Connecting the new to the known: trauma-aware design meets brain-based tech
As evidence of the pandemic’s lasting impact on brain development, time perception, and mental health grows, higher ed institutions must support students with technology based on trauma-aware practices.
By Audrey Dietz
At the start of the pandemic, time defined everyone’s day differently. Some worked at home, juggling remote careers and round-the-clock childcare. Some were laid off or furloughed; others took up new hobbies or picked up gig work. Essential workers spent more time at work than ever before. Time passed in alternating bursts of monotony and rapid-fire news updates as societies mourned, pivoted, adapted, closed, opened, and pivoted again. Throughout it all, educators and institutions of higher education bore witness to change at a scale unlike anything most had seen in their lifetimes.
Arundhati Roy writes, “Historically, pandemics have forced humans to break with the past and imagine their world anew.” In just three years, the pandemic emergency’s impact and aftermath forced a reimagining of education that has expanded the boundaries of schooling. For students across age groups – who saw their perceptions of time upended as remote learning became the norm – the experience of education and even time itself has permanently changed. This has increased the demand for educational tools that rely on pedagogical practices backed by neuroscience as a proactive approach to supporting the next generation of students.
What’s my brain AGE again?
A study released on Dec. 1, 2022, by Stanford University suggests that pandemic-related stressors have changed young peoples’ brains physically, aging them several years when compared to the brains of similar peers examined before the pandemic (Gotlib et al., 2022). The researchers found “adolescents assessed during the pandemic had larger positive brain age gap estimates (brain AGE), indicative of older-appearing brains.” While skipping the immaturity of youth may sound like a positive, accelerated ‘brain age’ is typically an effect of chronic adversity and trauma.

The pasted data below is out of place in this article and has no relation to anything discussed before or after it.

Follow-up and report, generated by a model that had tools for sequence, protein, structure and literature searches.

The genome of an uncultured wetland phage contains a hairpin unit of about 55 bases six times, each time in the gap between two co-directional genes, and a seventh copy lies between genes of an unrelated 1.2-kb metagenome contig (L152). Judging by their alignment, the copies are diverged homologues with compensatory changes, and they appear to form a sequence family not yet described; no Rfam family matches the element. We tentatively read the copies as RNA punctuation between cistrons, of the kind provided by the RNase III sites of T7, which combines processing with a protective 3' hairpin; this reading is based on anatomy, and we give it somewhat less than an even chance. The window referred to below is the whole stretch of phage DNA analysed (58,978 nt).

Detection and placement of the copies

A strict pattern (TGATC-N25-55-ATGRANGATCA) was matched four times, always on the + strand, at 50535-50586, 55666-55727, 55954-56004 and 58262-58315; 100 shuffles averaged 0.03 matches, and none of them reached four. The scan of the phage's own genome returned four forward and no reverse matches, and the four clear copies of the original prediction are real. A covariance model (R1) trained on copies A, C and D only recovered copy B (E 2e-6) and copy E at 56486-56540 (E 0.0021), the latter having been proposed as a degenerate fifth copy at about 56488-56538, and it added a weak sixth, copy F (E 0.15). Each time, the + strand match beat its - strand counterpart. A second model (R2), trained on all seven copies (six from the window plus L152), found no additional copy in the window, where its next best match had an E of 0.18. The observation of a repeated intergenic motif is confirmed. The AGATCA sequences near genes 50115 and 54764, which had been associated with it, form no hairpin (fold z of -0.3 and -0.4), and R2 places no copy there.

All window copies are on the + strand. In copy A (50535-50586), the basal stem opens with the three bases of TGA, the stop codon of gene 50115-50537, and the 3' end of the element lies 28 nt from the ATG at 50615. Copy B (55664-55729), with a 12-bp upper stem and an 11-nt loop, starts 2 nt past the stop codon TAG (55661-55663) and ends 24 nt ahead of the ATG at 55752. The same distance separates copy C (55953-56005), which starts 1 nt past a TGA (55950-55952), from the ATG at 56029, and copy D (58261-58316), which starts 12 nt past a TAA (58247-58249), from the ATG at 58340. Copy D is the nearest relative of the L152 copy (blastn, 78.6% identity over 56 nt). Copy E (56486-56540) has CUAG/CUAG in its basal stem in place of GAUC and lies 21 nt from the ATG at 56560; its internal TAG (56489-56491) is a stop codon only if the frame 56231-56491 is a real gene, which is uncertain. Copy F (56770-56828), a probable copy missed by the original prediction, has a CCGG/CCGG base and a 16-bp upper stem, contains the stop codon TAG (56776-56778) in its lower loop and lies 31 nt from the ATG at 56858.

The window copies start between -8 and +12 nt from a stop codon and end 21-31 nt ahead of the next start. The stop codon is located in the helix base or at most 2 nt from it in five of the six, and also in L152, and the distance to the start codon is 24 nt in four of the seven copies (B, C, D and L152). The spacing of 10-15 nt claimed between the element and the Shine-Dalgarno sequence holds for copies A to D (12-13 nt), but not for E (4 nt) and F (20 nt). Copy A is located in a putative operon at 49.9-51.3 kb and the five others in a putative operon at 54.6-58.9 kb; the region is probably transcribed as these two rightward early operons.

Trauma-affected, in this case, is broadly defined as “exposure to experiences that are overwhelming; lead to strong negative emotions…and involve some degree of experienced or witnessed threat to self. A child’s inability to cope with such experiences is what sets traumatic reactions apart from […] typical responses to stressful events” (Innemee, 2015). CDC estimates that 2 in 3 young people had a trauma history before the pandemic, and experts suggest that the number is now significantly higher (Costa, 2020).
The Stanford researchers will continue monitoring teens in the study to understand the impact of accelerated brain age on the COVID-19 generation. “You have this global event that’s happening, where everyone is experiencing some kind of adversity in the form of disruption to their daily routines – so it might be the case that the brains of kids who are 16 or 17 today are not comparable to those of their counterparts just a few years ago,” co-author Jonas Miller said (Levin, 2022).
And let’s be clear: no matter what your understanding of when the pandemic ended (or will end) may be, trauma itself is understood by experts as ongoing. Institutions of higher education need campus structures that support students’ well-being sustainably – including the online platforms where they receive virtual education (Hayashida, 2022). By being mindful of the neuroscience and trauma-aware design behind technology, it’s possible to choose a meaningful future for classroom instruction with a platform that meets students where they are.
Memories of endless days
Neuroscientists and physicists have long questioned why time seems to pass differently at different stages in life, including why time seems to speed up as we age.